Thursday, December 22, 2011

Why call it SNAP?

If you’re paying attention to the news, you’re bound to hear something about Supplemental Nutrition Assistance Program (SNAP, formerly known as Food Stamps), and for good reason – this September alone over 46 million people used the program. That accounts for 1/7 Americans. The program has never been this big before.

I am among one of the newer beneficiaries of SNAP. I have been on the program for over a year now and at the same time I’ve been working on food related issues as part of the Food Council development and food systems improvement. It’s been interesting to hear the different takes on such a widely used and hotly contested program from which I benefit.

At first I felt like I was cheating the system a little bit: I work (even though it’s for little pay), I have a family that is willing to provide assistance if needed, and I don’t find myself starving. According to statistics, my situation is no exception, it’s the norm. Working households are the normal demographic of SNAP beneficiaries. Since the early 90’s the profile of a typical beneficiary has shifted from the majority being nonworking households to working households. In fact, today there are nearly three times as many working households using SNAP as there are nonworking households (

How did that happen? Well, I’m really no expert, but from what I can tell this demographic shift had much to do with President Clinton’s Welfare Reform in the mid 90’s. President Clinton at the time was trying to cut Cash Aid so as to end dependency on Federal Assistance that had been around since the New Deal. Through Washington politics, the Food Stamp program was mixed into the legislation (Food Stamps were not previously considered a Welfare program). Of course, the new law didn’t completely drop Cash Aid or the Food Stamp program, but the programs became stricter and more rigid (

Eligibility requirements and the direct management of the programs became the responsibilities of State governments. This is why different states can have different eligibility factors. Some states take into account personal assets while others don’t.

The new legislation brought about a shift in outreach to the working poor. This shift started with President Clinton and was expanded by President Bush, later to be fully embraced by President Obama. Originally it was (and generally is still called) Food Stamps, but to reflect the changes in the philosophy of the program, it is now known as Supplemental Nutrition Assistance Program. This reflects the shift in focus from a full Welfare system to supplemental nutrition assistance. Rather than seeking to fully support a family, the program helps a family get by.

I’m not sure that this change is well known or well understood. From what I can tell from reactions I read in articles online and from news interviews, most Americans believe that the majority of SNAP participants are a bunch of lazy people that don’t work and completely rely on the program. While this may or may not have been true thirty years ago, the statistics prove its different today. Most Americans on the program are people in situations like mine. They don’t earn quite enough, and need an extra boost to carry them through. MSNBC had a good story on people who use SNAP today. You should check it out:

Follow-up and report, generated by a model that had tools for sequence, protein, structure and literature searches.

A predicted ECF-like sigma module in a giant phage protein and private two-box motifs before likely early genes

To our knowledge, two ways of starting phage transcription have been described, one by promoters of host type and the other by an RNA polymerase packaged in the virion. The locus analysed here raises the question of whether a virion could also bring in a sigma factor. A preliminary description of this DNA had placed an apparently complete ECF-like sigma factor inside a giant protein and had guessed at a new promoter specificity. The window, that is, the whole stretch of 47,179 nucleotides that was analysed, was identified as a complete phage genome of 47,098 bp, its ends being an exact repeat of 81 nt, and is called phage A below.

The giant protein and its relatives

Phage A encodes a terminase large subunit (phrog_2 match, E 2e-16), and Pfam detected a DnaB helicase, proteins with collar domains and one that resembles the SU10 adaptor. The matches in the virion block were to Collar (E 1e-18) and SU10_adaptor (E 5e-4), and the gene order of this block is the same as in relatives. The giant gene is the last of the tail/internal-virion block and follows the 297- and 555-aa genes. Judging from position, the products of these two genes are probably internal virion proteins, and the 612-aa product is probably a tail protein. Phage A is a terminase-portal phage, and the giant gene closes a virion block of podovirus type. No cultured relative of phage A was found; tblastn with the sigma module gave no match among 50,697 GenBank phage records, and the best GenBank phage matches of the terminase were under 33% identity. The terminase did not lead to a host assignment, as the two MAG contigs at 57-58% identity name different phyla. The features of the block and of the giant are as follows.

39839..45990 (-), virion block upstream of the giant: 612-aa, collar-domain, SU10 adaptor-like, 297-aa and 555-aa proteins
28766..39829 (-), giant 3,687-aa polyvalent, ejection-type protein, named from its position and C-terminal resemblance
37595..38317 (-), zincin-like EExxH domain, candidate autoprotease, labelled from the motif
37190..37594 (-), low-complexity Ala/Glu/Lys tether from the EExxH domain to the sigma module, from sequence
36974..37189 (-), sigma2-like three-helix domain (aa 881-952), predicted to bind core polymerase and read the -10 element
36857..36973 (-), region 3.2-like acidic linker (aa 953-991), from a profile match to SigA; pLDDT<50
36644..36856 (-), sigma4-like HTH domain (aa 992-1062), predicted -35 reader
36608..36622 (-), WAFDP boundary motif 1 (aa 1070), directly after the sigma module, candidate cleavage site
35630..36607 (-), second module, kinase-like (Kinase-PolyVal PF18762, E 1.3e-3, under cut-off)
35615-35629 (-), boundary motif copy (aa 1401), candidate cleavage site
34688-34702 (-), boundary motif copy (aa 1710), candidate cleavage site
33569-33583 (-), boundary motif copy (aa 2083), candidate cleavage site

I am putting together a series of posts by guest bloggers over the next couple of weeks to highlight their experience and knowledge of how the program works and influences the lives of its clients. I hope you enjoy the articles and it spikes up some debate. If you have any specific questions, concerns, or opinions please feel free to leave a comment.

Friday, December 16, 2011

Support Crescent Elk students, buy a rosemary wreath!

Crescent Elk Middle School is not only home to our mighty Cougars, it has a popular and fun Garden Club.

The club is hosted by Seventh Grade Science teacher Joe Gillespie that pulls from years of experience as an avid gardener and lover of nature. It is a real treat to go down the Middle School and see all the youth so excited about caring for the vegetables and flowers, and trying new gardening practices.

The garden is a well known cornerstone of the school. Just last year, Crescent Elk’s garden was able to produce 30 pounds of broccoli that was served at lunch throughout the school district. But if you were to go to the garden, you would see that isn’t broccoli, lettuce, or chard that make up the majority of the garden. Proud and beautiful rosemary bushes adorn the back and outer perimeter of the garden granting the garden a pleasant aroma and a good wind breaker.

“Why so much rosemary?” you might ask. One reason: because the Garden Club wants to save the world.

Every winter, the Garden Club trims back the Rosemary bushes to create these beautiful rosemary wreaths which they sell to school district employees and the community at large.

The donations do not go to the Garden, but instead to Heifer International. Heifer International works to empower impoverished communities by giving families livestock such as sheep or a goat. In small, rural, impoverished areas of the world, livestock are a true commodity. Livestock serves two purposes: to help end hunger and empower economies. Agricultural goods are still currency, and so by buying a $150 Llama (for example) you are giving a family and community a way to trade, live, and provide for their young ones. If you wish to learn more about Heifer International, please visit their website: